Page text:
When my family decided to start planning this trip to Japan, one of the places I absolutely knew we needed to go was Nara. I went to Nara while I was going to school in Kyoto and it’s one of those day trips that’s just wholly Japanese and wholly unmissable. Nara’s very easy to access from just about anywhere in the Kansai region (Kyoto, Osaka, Kobe, etc.) by train and it’s so freaking neat. 

Nara was the capital of Japan during the Nara era (710-794 CE) and as a result, it has some truly incredible treasures there. There’s Tōdaiji, the largest wooden building in Japan, that was literally built around the enormous Buddha statue inside. There’s Kōfukuji, with its pagoda. There’s Kasuga Shrine with its thousand stone lanterns. And if you’re there during the fall, the imperial treasure house will be open for your perusal.

But if you’ve heard about Nara, it probably hasn’t been for any Buddhist monuments or imperial treasures. You’re here about the deer.

A picture of a deer posing for the camera.
Believe me when I say these deer are not camera shy.

The thing Nara is far and away the most famous for is its population of roaming shika deer that can be found all over the city. The deer are small enough to feed treats to and to pet, but a warning: they’re also spoiled rotten. After decades of tourists feeding them deer crackers and acorns on demand, these little monsters are willing to do just about anything to get the crackers that are their due, including ass-biting, head-butting, and straight-up picking your pockets. You will quickly become used to the sounds of tourists screaming as tiny deer chase them all over the park. And you know what? I love those little miscreants. I love them so much.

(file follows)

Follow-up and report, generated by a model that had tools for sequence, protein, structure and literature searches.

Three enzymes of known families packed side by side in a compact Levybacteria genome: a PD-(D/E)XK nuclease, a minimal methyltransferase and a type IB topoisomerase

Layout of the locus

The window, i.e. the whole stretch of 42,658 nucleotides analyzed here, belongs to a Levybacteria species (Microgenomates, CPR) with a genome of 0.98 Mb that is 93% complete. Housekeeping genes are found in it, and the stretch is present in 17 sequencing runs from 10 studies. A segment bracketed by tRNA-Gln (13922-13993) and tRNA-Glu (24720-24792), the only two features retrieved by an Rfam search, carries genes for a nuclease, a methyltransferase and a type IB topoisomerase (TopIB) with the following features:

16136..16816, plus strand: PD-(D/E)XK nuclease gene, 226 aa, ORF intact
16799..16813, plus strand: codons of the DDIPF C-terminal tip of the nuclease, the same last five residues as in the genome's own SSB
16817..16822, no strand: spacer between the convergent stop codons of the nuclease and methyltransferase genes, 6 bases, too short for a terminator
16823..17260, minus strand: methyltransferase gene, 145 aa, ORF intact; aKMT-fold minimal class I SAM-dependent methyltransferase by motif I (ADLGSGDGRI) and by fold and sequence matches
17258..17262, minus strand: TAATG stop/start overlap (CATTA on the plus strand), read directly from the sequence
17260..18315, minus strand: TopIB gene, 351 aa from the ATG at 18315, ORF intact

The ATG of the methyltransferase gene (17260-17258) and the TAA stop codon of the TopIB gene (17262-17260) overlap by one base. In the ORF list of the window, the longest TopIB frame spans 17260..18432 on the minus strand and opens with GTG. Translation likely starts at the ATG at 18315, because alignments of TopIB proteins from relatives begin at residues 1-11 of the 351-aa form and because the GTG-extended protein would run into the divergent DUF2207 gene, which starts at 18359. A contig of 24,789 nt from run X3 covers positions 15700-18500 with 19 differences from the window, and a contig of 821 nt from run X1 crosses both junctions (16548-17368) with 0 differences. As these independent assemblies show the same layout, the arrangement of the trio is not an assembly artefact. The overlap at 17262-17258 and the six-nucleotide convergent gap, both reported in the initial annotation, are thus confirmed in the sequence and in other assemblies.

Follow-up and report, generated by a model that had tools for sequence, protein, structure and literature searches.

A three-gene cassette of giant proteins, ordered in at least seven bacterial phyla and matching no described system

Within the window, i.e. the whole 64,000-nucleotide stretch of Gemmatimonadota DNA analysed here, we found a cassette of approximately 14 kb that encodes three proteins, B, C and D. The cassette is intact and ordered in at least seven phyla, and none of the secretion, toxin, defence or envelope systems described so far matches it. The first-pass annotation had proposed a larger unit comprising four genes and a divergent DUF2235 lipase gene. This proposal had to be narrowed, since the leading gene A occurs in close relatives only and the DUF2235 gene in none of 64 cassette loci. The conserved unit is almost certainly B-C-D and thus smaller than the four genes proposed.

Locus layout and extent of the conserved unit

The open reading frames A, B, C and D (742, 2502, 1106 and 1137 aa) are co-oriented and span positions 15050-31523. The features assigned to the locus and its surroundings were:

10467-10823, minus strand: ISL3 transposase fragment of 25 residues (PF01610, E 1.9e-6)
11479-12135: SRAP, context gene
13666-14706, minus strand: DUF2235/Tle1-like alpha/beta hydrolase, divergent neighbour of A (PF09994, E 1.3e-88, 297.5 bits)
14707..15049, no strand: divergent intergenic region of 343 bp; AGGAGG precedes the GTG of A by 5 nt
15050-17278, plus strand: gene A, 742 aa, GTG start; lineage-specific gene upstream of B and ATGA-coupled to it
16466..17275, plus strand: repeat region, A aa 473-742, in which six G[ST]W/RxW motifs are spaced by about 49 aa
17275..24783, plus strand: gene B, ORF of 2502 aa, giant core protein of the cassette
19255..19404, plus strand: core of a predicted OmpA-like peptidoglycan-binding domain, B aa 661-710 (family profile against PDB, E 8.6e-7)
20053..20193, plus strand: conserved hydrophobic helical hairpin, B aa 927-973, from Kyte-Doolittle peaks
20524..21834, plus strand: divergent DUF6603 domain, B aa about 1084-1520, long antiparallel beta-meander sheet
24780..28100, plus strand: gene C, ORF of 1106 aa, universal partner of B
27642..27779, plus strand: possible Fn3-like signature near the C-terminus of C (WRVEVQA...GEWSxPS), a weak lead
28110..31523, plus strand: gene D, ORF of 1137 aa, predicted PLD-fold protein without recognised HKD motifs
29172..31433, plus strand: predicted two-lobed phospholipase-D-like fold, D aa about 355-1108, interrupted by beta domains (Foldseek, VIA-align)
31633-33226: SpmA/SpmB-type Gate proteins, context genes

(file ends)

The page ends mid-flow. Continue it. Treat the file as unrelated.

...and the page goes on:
A baby deer screaming.
Don’t let the cute babies fool you!! They grow up into tiny criminals.
A bunch of deer lying down around a tree, coolly assessing me behind the camera.
Look at them staring you down. It’s like organized crime. Adorable organized crime.

Now, deer in and of themselves, especially shika deer, are traditionally considered sacred in Shinto, and so you’ll see statues of deer every so often in Shinto shrines.

A massive stone deer reclining next to a stone lantern.
A stone deer at Kasuga Shrine.
A smaller green deer under a little roof.
And a deer at Yoshida Shrine in Kyoto.

That said, Nara takes all that a lot further. The story goes that Takemikazuchi-no-mikoto, one of the deities enshrined at Kasuga Shrine, came to protect the region while riding a white deer, and after this, deer were considered particularly sacred to this area. After Shinto was removed as state religion post-WWII/Pacific War, the deer were declared a (cultural) national treasure rather than a religious one so they would retain their protected status. That said, you can still see traces of the deer’s religious heritage in shrines around Nara Park, especially Kasuga.

There’s really so much to do in Nara that it would take weeks to do it all, but I’ve personally done Tōdaiji, Kasuga Shrine, Tōdaiji’s annual treasure exhibition, and, of course, Nara Park. All that is clustered in a relatively small section of Nara, so you could probably do it all in one day if you had a head start and a lot of energy.